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A metropolitan area, sometimes referred to as a metro area or commuter belt, is a region consisting of a densely populated urban core and its less-populated surrounding territories, sharing industry, infrastructure, and housing. A metro area usually comprises multiple jurisdictions and municipalities: neighborhoods, townships, boroughs, cities, towns, exurbs, suburbs, counties, districts, states, and even nations like the eurodistricts. As social, economic and political institutions have changed, metropolitan areas have become key economic and political regions. Metropolitan areas include one or more urban areas, as well as satellite cities, towns and intervening rural areas that are socio-economically tied to the urban core, typically measured by commuting patterns. In the United States the idea of metropolitan statistical area has gained prominence.
For urban centres outside metropolitan areas, that generate a similar attraction at smaller scale for their region, the concept of the regiopolis and respectively regiopolitan area or regio was introduced by German professors in 2006. In the United States, the term micropolitan statistical area is used.
A metropolitan area combines an urban agglomeration (the contiguous, built-up area) with zones not necessarily urban in character, but closely bound to the center by employment or other commerce. These outlying zones are sometimes known as a commuter belt, and may extend well beyond the urban zone, to other political entities. For example, El Monte, California is considered part of the Los Angeles metro area in the United States.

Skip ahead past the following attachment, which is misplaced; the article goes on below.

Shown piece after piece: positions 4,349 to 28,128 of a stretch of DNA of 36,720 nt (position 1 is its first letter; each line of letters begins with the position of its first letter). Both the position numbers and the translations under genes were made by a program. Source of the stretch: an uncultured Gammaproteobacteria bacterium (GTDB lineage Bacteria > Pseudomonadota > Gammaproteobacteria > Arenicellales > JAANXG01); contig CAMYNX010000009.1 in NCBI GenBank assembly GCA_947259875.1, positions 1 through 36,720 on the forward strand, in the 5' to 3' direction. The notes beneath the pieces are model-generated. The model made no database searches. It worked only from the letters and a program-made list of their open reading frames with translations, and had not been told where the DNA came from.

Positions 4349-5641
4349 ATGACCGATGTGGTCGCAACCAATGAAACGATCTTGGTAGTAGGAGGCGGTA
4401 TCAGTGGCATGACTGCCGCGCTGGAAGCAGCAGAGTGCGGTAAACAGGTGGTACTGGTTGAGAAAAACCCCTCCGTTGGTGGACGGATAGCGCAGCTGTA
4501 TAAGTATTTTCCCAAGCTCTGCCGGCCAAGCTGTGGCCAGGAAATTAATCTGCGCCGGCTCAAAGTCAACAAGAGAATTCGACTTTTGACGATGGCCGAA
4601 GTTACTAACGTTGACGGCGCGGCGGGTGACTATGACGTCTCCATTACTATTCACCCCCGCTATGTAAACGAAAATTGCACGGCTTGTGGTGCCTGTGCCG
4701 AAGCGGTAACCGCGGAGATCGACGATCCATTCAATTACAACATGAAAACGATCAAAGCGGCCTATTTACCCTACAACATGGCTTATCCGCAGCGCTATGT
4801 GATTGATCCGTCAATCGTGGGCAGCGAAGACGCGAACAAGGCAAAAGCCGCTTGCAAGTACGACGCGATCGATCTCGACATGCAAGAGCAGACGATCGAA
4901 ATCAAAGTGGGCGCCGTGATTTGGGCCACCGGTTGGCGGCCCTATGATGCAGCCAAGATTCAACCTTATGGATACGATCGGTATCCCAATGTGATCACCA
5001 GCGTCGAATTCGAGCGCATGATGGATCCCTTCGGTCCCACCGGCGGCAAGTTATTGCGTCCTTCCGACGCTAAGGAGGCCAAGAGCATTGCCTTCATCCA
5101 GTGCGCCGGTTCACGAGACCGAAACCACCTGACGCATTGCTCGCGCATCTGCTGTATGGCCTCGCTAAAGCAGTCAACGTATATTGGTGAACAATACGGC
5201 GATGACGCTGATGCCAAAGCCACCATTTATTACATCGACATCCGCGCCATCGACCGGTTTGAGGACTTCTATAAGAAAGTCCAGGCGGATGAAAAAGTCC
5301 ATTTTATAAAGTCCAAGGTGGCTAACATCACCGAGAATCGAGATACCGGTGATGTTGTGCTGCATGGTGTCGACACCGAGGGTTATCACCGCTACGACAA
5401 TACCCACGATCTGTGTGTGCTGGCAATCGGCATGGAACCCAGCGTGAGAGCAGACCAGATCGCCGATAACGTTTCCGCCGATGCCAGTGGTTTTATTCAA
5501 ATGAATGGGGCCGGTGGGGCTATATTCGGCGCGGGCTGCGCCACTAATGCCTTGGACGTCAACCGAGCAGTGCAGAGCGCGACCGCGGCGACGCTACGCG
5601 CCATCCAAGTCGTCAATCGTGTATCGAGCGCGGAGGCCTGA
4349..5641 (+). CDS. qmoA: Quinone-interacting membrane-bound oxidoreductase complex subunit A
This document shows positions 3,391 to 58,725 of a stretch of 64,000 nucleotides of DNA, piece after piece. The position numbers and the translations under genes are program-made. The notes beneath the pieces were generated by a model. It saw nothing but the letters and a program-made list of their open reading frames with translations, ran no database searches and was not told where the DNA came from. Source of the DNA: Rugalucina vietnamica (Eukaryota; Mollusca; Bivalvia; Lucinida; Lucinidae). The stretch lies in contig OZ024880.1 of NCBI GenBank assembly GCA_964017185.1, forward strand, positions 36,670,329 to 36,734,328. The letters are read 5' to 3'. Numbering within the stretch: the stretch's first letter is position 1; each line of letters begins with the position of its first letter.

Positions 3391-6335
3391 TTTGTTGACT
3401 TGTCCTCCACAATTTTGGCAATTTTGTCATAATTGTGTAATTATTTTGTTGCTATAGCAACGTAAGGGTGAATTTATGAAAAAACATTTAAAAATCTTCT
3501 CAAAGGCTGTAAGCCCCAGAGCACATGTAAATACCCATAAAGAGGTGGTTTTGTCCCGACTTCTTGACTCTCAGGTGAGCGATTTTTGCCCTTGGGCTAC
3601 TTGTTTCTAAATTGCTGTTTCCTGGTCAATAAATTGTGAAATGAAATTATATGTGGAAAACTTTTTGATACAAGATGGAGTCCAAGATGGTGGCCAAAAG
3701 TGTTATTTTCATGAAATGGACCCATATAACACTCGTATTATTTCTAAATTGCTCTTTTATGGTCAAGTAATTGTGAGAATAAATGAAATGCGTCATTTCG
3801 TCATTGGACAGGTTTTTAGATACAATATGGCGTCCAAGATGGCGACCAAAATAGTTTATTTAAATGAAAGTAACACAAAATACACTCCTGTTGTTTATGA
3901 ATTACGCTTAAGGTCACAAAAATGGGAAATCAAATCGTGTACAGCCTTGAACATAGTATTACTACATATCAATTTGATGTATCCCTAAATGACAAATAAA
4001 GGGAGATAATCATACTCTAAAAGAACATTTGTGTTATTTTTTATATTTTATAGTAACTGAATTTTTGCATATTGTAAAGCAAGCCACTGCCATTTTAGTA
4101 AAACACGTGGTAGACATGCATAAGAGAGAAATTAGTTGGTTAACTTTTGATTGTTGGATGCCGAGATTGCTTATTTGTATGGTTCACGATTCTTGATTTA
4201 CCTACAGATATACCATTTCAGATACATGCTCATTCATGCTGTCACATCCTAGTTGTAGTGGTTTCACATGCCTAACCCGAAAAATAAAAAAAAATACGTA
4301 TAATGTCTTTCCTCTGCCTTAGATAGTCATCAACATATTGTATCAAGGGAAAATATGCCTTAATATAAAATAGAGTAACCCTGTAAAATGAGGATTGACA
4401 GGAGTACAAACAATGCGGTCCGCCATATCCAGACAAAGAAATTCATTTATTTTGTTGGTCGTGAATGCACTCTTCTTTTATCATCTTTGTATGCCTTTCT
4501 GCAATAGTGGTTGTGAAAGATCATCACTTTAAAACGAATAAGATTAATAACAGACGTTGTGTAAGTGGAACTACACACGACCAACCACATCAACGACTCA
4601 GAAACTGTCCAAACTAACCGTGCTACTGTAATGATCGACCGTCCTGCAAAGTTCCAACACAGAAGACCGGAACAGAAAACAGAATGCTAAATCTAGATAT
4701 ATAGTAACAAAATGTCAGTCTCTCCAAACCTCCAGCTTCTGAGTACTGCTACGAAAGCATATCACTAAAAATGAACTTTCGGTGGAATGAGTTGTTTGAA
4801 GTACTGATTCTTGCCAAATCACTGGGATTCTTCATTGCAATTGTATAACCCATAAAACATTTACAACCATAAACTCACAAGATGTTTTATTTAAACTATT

In practice, the parameters of metropolitan areas, in both official and unofficial usage, are not consistent. Sometimes they are little different from an urban area, and in other cases they cover broad regions that have little relation to a single urban settlement; comparative statistics for metropolitan area should take this into account. Population figures given for one metro area can vary by millions.
There has been no significant change in the basic concept of metropolitan areas since its adoption in 1950, although significant changes in geographic distributions have occurred since then, and more are expected. Because of the fluidity of the term "metropolitan statistical area," the term used colloquially is more often "metro service area," "metro area," or "MSA" taken to include not only a city, but also surrounding suburban, exurban and sometimes rural areas, all which it is presumed to influence.
A polycentric metropolitan area contains multiple urban agglomerations not connected by continuous development. In defining a metropolitan area, it is sufficient that a city or cities form a nucleus with which other areas have a high degree of integration.
See also the many lists of metropolitan areas itemized at § Lists of metropolitan areas.
The Australian Bureau of Statistics defines Greater Capital City Statistical Areas (GCCSAs) as the areas of functional extent of the seven state capitals and the Australian Capital Territory. GCCSAs replaced "Statistical Divisions" used until 2011.